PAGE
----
When they get to the hospital, either the medic is not there (released/canceled by BLS) or the medic blames the EMT for not telling him what was going on. In other words, the EMT did not do his job for him. Even though the EMT really was doing his job – taking care of a patient with a legitimate cardiac complaint, because the medic did not want to do anything more than drive.

One medic/EMT system, where the ALS coordinator and the medical director claimed to have a problem with this, chose the wrong solution. There are other wrong solutions. Their solution to the problem?

On any call dispatched as ALS, the medic will provide all care. This will guarantee that the medic does not release care to his partner. It does nothing to get the medic to understand what he is missing in his assessment. It does not require that the medic be competent. It does nothing to differentiate between the medics who appropriately release patients to their partner.

The problem is only with some of the medics.

The solution is to force all of the medics to do things in this thoughtless way.

The problem is that some of the medics do not care or do not understand.

The solution is to ignore the opportunity to use this to remediate those who don’t understand. To ignore the opportunity to find out what the problem is in those who do not care.

There is no discrimination between competent and incompetent.

Ask EMS instructors what the most important ALS skill is. Many, maybe most, will tell you it is a good assessment. This ALS coordinator and medical director have decided that the most important ALS skill is following the direction of dispatch.

Dispatch made the call ALS, because hemorrhage is an ALS call. You arrive on scene and find that it is a paper cut. There is currently no bleeding. There are a couple of drops of blood on a paper towel used to control the hemorrhage.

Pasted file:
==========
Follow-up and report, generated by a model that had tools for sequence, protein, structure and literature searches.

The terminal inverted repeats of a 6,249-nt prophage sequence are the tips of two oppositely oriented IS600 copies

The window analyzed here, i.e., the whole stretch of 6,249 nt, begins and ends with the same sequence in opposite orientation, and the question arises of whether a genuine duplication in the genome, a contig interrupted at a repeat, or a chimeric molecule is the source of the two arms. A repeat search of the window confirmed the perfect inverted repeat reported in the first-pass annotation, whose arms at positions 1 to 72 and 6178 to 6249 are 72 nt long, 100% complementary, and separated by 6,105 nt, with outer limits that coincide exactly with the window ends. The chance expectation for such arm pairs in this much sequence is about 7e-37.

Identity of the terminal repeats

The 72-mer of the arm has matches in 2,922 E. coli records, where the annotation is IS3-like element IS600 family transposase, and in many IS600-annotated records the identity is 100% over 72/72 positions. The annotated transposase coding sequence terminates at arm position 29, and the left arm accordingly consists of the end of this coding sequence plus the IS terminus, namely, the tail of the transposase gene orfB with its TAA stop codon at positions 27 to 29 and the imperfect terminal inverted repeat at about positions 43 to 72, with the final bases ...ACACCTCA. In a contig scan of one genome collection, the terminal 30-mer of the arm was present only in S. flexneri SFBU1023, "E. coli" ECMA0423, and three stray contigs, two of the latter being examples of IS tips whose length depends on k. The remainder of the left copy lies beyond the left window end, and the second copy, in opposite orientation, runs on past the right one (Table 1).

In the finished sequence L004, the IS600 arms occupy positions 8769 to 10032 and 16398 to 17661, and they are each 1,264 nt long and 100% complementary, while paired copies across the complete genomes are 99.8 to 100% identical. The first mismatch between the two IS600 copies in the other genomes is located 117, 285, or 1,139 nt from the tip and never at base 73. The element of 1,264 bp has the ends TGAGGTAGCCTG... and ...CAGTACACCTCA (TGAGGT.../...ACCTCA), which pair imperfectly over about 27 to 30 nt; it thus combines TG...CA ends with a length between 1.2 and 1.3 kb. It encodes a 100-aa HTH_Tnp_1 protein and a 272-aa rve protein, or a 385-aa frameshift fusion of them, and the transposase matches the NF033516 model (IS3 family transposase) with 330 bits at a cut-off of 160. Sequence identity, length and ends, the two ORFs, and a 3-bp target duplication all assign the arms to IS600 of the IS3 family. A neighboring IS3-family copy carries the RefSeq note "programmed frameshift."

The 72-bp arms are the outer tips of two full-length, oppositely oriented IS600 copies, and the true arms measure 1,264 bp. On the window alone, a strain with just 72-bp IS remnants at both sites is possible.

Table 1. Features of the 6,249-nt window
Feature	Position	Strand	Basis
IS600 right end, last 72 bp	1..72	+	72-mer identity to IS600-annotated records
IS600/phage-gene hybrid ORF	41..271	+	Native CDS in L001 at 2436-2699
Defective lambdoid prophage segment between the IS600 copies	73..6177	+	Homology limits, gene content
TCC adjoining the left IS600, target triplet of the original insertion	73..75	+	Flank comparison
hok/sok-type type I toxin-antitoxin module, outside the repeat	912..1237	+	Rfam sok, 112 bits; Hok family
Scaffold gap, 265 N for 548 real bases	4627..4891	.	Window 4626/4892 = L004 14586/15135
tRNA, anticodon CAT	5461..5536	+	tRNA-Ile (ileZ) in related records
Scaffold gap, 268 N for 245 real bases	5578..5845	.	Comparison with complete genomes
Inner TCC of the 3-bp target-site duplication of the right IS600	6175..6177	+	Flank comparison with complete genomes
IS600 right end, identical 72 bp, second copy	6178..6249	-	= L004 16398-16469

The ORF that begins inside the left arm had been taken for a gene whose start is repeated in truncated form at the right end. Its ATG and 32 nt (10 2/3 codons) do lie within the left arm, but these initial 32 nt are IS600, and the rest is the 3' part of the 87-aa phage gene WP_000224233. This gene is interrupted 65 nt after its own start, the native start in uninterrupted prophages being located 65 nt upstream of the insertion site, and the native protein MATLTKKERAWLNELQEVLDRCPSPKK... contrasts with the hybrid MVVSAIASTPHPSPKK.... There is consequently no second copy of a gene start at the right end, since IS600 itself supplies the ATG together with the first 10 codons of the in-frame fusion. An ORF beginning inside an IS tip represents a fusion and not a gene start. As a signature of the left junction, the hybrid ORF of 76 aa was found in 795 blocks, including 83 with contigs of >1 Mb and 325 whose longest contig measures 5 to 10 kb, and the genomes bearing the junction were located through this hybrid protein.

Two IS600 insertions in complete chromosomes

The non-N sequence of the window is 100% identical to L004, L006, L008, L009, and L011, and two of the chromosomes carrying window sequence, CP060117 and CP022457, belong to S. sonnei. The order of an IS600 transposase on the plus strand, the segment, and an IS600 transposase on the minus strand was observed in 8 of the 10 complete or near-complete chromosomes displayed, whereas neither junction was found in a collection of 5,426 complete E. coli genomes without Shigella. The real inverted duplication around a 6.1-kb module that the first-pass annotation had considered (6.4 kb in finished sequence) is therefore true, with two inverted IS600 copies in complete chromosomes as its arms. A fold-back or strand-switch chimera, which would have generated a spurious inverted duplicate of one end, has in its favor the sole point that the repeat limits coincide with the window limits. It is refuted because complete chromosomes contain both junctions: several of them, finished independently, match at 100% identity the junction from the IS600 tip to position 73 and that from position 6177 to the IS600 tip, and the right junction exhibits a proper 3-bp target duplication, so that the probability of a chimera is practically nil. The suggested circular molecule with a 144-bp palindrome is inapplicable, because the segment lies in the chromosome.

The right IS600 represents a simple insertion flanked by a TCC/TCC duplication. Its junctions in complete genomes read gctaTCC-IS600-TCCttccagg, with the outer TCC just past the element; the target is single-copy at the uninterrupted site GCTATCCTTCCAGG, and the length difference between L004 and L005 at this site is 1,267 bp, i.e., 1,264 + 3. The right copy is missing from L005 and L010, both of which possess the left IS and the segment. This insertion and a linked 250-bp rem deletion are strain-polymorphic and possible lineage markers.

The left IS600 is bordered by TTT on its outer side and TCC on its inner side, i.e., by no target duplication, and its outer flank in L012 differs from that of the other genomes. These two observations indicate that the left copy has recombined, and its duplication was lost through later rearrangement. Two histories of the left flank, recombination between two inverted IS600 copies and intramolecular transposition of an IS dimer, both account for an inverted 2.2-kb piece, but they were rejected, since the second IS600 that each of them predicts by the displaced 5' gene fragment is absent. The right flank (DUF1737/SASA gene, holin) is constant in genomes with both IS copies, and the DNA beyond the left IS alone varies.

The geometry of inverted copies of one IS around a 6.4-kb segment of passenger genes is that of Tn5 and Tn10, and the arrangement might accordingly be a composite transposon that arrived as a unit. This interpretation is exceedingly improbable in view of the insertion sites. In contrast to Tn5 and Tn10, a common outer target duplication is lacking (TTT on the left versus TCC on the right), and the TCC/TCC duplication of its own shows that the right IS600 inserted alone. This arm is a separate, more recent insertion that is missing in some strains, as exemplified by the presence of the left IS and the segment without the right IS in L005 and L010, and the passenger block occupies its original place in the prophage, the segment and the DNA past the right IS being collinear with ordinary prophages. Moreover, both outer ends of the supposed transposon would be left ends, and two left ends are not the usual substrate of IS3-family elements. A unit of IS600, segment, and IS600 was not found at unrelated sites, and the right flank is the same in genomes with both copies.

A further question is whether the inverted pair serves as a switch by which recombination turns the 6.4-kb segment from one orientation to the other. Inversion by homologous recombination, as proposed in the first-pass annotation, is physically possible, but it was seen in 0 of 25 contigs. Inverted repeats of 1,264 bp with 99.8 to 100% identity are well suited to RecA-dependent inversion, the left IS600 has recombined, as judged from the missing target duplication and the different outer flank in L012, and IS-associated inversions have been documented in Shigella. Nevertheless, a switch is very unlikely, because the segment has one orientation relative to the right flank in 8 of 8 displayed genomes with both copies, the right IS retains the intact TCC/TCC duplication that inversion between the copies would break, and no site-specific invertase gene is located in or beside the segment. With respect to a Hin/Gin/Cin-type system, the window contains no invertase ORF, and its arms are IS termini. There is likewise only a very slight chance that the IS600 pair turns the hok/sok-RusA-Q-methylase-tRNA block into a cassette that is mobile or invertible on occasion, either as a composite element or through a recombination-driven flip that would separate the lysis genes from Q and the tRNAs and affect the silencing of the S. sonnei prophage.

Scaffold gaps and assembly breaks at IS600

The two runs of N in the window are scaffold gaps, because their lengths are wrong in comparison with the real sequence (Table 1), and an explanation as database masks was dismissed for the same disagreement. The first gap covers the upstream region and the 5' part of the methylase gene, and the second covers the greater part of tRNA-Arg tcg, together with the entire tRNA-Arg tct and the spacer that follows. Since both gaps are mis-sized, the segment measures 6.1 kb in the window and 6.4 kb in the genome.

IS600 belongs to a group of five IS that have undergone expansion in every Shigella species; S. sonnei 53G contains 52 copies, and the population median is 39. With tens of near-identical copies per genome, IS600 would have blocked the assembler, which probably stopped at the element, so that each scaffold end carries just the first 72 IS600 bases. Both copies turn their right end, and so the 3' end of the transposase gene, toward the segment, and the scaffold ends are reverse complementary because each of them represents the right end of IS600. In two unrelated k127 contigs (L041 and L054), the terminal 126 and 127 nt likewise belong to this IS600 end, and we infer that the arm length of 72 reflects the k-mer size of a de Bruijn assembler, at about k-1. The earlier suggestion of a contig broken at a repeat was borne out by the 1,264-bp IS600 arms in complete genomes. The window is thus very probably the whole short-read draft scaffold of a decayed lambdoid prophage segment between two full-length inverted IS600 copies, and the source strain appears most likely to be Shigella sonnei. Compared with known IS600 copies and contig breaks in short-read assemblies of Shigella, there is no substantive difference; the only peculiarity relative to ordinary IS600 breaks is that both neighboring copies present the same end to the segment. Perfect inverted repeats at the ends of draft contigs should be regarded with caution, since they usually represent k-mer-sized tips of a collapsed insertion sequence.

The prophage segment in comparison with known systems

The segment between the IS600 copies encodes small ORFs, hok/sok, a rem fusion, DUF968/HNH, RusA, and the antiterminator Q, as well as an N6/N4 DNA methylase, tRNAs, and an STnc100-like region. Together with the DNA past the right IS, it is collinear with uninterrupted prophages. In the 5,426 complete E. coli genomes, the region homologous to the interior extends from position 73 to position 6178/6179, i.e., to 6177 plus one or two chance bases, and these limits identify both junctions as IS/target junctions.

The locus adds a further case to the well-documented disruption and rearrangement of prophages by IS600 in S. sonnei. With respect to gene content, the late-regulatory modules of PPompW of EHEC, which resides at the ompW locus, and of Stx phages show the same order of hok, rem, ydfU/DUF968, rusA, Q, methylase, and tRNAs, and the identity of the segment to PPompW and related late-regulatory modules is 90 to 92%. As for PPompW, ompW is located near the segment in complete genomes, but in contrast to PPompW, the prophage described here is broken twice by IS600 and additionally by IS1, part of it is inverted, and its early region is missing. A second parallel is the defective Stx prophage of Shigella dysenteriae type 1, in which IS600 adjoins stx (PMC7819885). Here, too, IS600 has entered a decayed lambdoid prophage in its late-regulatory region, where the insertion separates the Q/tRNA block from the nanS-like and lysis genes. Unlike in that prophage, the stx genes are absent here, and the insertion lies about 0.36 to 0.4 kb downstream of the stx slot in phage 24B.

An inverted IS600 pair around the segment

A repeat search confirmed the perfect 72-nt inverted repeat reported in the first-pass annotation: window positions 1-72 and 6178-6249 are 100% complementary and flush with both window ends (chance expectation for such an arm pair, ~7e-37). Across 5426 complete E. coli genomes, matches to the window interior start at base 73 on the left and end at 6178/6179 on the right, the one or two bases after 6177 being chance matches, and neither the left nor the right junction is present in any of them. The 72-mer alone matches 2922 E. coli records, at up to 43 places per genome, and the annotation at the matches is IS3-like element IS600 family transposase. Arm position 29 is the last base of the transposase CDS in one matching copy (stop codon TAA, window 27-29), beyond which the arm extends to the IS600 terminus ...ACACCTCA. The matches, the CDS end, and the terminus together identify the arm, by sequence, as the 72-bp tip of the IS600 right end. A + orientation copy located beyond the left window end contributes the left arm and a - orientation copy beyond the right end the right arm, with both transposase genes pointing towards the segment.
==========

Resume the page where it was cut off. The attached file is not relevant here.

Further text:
Dispatch made the call ALS, because abdominal pain is an ALS call. You arrive and treat the patient as having abdominal pain – IV and fluids, per protocol – not performing a good assessment and realizing the patient has epigastic pain as a symptom of a heart attack.

The first case is just making more work for the paramedic. Not really a problem, unless all of the calls are ALS and the medic is spending all of his time treating patients and writing charts. There are places where this is typical.

The second case, just adds an IV to the treatment the patient received, and maybe they are on the heart monitor.

No aspirin. The most effective EMS drug for a heart attack.

No NTG (NiTroGlycerin).

No morphine or fentanyl. The medic would have to get permission to treat abdominal pain with opioids, because the protocols are written by a medical director who is afraid of surgeons and is not familiar with the research on pain management. But that is a different topic.

No 12 lead ECG. That would, in a smart system, lead to a cath lab activation if the medic interprets the 12 lead accurately. There is no good reason why the medic should not interpret the 12 lead accurately.

No beta blockers or other treatments that might be beneficial.

After all, this is just a whiny abdominal pain patient. Probably just ate too much. He should be put in one of the out of sight, out of mind beds.

This is dangerous. If there is a problem with some medics, the solution is to address the problem with those medics. Punishing everyone for the mistakes of a few is not good medicine. It may work in boot camp. If that were the ideal, we would transport patients to boot camp, not to the hospital.

The assessment has not been affected, only the documentation and the addition of the IV lifeline.


If it’s not one thing, it’s your mother.

Ambulance Driver has another excellent piece on the EMS/Fire Department relationship over at EMS1.com.